For some reason I am not getting the same result from running the TwoButtons program K&B have on p. 379 of their "HeadFirst Java" book. When I run the app, I see no difference in the background of the "I'm a label" JLabel and the drawPanel. It is almost as if the line isn't working that reads: frame.getContentPane().add(BorderLayout.WEST, label);
Thanks for any hints as to what I might be doing wrong. I am a serious newbie at AWT/Swing, so I really appreciate it. --Bob
Well if you can read the text "I'm a label" (or "Ouch") then the frame.getContentPane().add(BorderLayout.WEST, label) line is indeed working.
There are two reasons you see no difference in the backgrounds of the JLabel and the drawPanel. The first is that the JLabel defaults to isOpaque()==false, so it doesn't paint its background and the background color of the frame's contentPane shows through. You can change this by calling label.setOpaque(true).
The second reason is that (at least in my LnF) that the background of the opaque JLabel happens to be the same color as the apparent background of the drawPanel, so there is no visible difference. You can change this by calling label.setBackground(Color.pink).
I say the "apparent" background of the drawPanel because the drawPanel isn't opaque either, so the background you see is that of the contentPane showing through. Theoretically, you should be able to call drawPanel.setOpaque(true) and drawPanel.setBackground(Color.yellow), but this won't work because the author of this code has overridden paintComponent() in such a way that the value of isOpaque() is ignored. The drawPanel is effectively always transparent.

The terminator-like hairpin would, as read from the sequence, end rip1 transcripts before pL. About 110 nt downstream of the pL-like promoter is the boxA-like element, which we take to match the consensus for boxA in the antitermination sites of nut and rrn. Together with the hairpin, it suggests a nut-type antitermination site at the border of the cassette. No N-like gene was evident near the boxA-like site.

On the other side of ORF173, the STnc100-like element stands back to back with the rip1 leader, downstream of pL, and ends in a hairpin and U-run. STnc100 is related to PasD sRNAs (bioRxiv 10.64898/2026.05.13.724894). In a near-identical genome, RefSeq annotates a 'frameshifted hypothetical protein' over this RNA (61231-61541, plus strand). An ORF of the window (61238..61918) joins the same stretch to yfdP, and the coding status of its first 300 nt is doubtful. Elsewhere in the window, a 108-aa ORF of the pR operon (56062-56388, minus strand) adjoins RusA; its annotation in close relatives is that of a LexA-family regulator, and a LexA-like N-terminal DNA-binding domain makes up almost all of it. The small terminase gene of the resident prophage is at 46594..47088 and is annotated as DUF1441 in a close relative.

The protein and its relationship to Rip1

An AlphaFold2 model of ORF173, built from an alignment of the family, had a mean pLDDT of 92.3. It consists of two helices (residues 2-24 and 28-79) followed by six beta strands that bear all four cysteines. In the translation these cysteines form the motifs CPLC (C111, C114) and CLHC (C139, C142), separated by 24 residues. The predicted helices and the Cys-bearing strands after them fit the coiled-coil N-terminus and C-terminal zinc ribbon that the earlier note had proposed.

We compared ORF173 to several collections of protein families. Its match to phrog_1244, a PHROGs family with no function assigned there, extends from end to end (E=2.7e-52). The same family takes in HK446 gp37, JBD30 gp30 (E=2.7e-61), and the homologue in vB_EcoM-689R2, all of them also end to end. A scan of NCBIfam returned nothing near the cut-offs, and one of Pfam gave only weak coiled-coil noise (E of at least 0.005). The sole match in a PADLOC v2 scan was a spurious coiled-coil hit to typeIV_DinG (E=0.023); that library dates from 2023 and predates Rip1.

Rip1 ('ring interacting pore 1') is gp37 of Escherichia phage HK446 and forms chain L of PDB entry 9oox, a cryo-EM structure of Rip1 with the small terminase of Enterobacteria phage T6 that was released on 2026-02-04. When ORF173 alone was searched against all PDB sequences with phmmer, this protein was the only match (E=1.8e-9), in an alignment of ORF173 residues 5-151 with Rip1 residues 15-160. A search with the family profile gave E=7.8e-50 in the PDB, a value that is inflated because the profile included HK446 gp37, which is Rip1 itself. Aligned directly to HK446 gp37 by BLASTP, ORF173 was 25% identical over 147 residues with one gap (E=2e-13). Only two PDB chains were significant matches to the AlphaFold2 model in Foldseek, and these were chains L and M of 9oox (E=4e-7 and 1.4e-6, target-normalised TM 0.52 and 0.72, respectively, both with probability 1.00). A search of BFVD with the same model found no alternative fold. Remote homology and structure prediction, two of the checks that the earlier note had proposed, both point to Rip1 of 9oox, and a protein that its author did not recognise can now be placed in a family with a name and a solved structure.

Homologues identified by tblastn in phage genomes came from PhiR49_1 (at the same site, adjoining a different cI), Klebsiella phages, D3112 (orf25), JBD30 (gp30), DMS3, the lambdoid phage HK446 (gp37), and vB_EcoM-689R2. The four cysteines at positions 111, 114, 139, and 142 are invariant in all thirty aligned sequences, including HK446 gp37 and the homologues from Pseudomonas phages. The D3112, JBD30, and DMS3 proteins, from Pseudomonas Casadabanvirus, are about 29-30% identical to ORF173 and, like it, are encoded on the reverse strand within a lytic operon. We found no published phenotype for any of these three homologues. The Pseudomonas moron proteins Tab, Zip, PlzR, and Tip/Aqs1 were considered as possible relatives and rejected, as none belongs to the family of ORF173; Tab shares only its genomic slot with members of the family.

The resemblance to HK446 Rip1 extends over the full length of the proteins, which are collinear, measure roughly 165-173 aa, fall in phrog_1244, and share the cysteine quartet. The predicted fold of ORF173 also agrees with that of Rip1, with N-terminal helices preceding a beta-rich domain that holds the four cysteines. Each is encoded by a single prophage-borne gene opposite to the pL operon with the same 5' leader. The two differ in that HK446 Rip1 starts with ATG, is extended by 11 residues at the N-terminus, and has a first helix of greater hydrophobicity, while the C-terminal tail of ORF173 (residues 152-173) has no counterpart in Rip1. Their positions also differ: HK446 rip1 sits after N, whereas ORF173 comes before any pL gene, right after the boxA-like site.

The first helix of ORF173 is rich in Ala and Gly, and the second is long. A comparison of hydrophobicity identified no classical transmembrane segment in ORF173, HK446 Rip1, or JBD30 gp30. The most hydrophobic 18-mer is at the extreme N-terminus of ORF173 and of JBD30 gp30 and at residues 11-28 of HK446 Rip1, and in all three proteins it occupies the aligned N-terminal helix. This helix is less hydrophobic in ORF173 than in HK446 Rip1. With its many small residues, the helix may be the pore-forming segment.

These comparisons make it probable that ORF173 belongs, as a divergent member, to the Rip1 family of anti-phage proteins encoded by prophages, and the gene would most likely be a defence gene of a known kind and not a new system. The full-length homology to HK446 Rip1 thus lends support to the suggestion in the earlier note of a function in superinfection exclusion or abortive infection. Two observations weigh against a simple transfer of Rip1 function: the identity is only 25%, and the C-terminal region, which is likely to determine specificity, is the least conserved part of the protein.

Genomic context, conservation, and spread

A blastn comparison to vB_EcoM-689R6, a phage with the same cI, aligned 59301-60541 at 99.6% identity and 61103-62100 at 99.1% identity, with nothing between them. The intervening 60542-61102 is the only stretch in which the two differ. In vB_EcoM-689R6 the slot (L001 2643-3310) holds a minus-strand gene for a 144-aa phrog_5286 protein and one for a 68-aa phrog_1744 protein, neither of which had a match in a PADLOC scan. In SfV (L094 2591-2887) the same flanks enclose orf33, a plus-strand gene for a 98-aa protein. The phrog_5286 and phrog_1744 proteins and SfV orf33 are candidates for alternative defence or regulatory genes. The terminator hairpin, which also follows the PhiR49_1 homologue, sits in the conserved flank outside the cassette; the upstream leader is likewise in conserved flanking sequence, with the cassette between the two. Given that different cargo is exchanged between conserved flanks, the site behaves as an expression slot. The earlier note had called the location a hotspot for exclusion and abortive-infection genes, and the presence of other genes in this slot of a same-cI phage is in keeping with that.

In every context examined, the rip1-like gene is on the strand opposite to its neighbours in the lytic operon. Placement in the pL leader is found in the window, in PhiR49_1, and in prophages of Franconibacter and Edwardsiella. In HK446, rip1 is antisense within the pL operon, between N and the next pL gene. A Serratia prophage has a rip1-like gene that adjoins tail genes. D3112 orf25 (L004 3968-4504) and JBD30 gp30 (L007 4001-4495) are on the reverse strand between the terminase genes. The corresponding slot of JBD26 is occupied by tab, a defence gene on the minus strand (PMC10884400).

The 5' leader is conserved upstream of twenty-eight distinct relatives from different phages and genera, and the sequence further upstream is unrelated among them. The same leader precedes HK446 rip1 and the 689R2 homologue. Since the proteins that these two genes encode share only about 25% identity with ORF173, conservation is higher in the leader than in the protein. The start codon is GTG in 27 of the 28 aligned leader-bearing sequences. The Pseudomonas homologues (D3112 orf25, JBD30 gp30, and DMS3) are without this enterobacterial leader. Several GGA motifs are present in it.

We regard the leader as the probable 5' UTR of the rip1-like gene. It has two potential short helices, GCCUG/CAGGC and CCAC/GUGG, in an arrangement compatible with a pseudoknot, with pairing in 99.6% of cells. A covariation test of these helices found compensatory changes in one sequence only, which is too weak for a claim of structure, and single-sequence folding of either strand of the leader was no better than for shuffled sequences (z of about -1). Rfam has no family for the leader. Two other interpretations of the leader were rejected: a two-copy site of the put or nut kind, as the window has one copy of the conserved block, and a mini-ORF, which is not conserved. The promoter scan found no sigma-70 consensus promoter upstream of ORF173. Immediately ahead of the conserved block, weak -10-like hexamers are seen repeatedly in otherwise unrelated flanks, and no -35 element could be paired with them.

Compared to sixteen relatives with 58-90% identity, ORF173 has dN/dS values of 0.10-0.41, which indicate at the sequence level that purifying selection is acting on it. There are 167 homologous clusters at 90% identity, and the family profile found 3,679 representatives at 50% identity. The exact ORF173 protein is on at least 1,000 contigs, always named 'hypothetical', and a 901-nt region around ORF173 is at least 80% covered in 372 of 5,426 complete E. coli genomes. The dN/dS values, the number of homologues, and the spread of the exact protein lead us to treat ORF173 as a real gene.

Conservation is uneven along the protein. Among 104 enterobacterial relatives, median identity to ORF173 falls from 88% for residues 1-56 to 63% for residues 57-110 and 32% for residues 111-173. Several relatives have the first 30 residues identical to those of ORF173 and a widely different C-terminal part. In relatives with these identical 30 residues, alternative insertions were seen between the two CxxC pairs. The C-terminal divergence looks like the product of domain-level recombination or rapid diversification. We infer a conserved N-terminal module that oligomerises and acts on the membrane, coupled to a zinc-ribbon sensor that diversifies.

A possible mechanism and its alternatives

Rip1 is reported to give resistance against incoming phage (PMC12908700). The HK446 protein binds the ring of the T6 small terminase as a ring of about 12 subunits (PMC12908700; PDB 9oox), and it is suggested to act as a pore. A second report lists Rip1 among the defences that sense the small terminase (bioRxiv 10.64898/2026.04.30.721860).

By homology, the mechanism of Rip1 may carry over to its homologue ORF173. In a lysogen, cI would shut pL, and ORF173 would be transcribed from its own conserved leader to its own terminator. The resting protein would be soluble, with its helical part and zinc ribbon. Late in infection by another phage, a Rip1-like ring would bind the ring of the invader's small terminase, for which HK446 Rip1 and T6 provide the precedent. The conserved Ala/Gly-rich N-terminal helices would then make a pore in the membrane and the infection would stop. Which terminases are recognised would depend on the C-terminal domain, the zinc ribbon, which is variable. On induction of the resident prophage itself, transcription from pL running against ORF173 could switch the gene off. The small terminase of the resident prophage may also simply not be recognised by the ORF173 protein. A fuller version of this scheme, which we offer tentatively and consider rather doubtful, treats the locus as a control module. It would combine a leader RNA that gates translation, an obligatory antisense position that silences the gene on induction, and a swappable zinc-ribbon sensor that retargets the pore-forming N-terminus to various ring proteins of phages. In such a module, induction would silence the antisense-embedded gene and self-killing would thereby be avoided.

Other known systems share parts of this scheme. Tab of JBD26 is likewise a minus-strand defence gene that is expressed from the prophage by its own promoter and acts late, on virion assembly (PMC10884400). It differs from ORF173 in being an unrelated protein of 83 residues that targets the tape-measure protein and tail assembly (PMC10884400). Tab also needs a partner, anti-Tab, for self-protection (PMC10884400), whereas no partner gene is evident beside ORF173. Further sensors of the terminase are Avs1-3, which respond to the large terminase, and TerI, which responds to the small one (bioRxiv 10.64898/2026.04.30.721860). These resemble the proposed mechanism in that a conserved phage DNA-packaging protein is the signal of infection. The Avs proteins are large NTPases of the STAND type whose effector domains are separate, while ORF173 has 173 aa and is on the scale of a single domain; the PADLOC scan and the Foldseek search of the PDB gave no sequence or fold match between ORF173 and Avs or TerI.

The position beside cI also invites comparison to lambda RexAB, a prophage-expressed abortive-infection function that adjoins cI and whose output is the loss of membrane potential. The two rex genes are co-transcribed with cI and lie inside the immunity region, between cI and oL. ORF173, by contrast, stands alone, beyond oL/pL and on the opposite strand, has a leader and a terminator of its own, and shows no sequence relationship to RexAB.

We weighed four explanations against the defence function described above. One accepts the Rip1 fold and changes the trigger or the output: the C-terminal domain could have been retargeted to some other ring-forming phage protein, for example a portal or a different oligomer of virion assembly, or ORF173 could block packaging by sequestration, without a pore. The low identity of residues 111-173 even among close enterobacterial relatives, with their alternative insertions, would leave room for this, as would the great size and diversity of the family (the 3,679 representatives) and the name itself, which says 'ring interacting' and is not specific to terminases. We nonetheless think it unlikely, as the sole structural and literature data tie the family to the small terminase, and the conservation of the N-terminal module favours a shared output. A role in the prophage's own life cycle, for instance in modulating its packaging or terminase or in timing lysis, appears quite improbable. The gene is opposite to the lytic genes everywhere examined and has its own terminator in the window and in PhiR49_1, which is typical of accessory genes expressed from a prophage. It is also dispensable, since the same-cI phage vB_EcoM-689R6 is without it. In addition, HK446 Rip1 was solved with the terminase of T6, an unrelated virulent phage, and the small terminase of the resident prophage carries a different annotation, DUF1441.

This was not wise on the author's part, IMHO, as the javadocs for paintComponent() say "Further, if you do not invoker super's implementation you must honor the opaque property, that is if this component is opaque, you must completely fill in the background in a non-opaque color. If you do not honor the opaque property you will likely see visual artifacts." As they hint, an easy way to fix this is to add a call to super.paintComponent(g) as the first line of drawPanel's paintComponent().
If I were the author if this code, I would probably also change frame.getContentPane().add(BorderLayout.xxxx, yyyy); to frame.getContentPane().add(yyyy, BorderLayout.xxxx);
It will work as written, but the javadocs for add(String, Component) say "This method is obsolete as of 1.1. Please use the method add(Component, Object) instead."
Brian, Thanks for the explanation. I just realized that it works better using the paintComponent method that was 14 pages back on p. 365, rather than the one that was only 12 pages back on 367. Unless I missed something else, this was not entirely clear..
But the new one does have the line: g.fillRect(0,0,this.getWidth(), this.getHeight());
and works much better. Thanks so much. --Bob
Joined: Sep 20, 2005
I can't look at the code on page 367 because I don't have the book. In fact, I had never heard of "HeadFirst Java" before your posting yesterday. Looking it up on the web, I see that it is an O'Reilly book with a nontraditional approach. I'll have to check it out next time I have some free time in a book store.
Anyway, a plain g.fillRect(0,0,this.getWidth(), this.getHeight()) is not necessarily what you want because (in the absence of an enclosing if clause) the panel will be permanently opaque.
If I were to rewrite MyDrawPanel, I might do it like this:
But if I were the author of "HeadFirst Java" I wouldn't necessarily do it this way. It would depend on what the I was trying to do with this example.